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Fall semester musing on numbers.

The views expressed are those of the author and are not necessarily those of Scientific American.


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The particular numbers on which I’m focused aren’t cool ones like pi, although I suspect they’re not entirely rational, either.

I teach at a public university in a state whose recent budget crises have been epic. That means that funding for sections of classes (and especially for the faculty who teach those sections of classes) has been tight.

My university is a teaching-focused university, which means that there has also been serious effort to ensure that the education students get at the university gives them a significant level of mastery over their major subject, helps them develop compentencies and qualities of mind and skills, and so forth. How precisely to ensure this is an interesting conversation, couched in language about learning objectives and assessments and competing models of learning. But for at least some of the things our students are supposed to learn, the official judgment has been that this will require students to write (and receive meaningful feedback on) a minimum number of words, and for them to do so in classes with a relatively small maximum number of students.

In a class where students are required to write, and receive feedback on, a total of at least 6000 words, it seems absolutely reasonable that you wouldn’t want more than 25 students in the class. Do you want to grade and comment on more than 150,000 words per class section you are teaching? (At my university, it’s usually three or four sections per semester.) That’s a lot of feedback, and for it to be at all useful in assisting student learning, it’s best of you don’t go mad in the process of giving it.

There’s a recognition, then, that on a practical level, for courses that help students learn by way of a lot of writing, smaller class sizes are good. From the student’s point of view as well, there are arguably additional benefits to a smaller class size, whether being able to ask questions during lectures or class discussions, not feeling lost in the crowd, or what have you.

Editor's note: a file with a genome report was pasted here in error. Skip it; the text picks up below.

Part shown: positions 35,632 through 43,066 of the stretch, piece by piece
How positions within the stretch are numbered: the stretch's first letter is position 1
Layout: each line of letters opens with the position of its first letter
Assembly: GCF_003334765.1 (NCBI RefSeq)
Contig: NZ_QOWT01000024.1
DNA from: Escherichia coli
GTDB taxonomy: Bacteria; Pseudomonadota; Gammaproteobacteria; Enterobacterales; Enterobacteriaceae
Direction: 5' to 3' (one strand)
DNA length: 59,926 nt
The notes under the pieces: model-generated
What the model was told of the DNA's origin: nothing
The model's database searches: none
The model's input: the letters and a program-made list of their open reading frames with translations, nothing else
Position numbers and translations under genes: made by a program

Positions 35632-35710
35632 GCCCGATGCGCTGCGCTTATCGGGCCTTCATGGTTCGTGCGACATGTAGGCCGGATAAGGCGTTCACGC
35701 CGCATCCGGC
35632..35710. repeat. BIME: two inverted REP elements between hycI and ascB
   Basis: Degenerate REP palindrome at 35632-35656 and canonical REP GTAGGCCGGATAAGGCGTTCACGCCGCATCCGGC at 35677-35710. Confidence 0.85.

At least for a certain set of courses, the university recognizes that smaller classes are better and requires that the courses be no larger than 25.

But remember that tight funding? This means that the university has also put demands on departments, schools, and colleges within the university to maintain higher and higher student-faculty ratios.

If you make one set of courses small, to maintain the required student-faculty ratio, you must make other courses big — sometimes very, very big.

But while we’re balancing numbers and counting beans, we are still a teaching-focused university. That might mean that what supports effective teaching and learning should be a constraint on our solutions to the bean-counting problems.

We’re taking as a constraint that composition, critical thinking, and chemistry lab (among others) are courses where keeping class sizes small makes for better teaching and learning.

Is there any reason (beyond budgetary expedience) to think that the courses that are made correspondingly large are also making for better teaching and learning? Is there any subject we teach to a section of 200 that we couldn’t teach better to 30? (And here, some sound empirical research would be nice, not just anecdata.)

I can’t help but wonder if there is some other way to count the beans that would better support our teaching-focused mission, and our students.

Janet D. Stemwedel About the Author: Janet D. Stemwedel is an Associate Professor of Philosophy at San José State University. Her explorations of ethics, scientific knowledge-building, and how they are intertwined are informed by her misspent scientific youth as a physical chemist. Follow on Twitter @docfreeride.

The views expressed are those of the author and are not necessarily those of Scientific American.





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  1. 1. jrkipling 3:45 pm 08/31/2014

    Without question there are better ways to distribute the beans. CA state government disperses the beans according to their priorities. By their allocation of funds, we can only infer that they do not give a rat’s posterior about the quality of education.

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  2. 2. jrkipling 3:51 pm 08/31/2014

    I apologize for the crude language, but this should be priority one. With all the challenges to be faced in the future, we need people armed with all the skills we can help them acquire.

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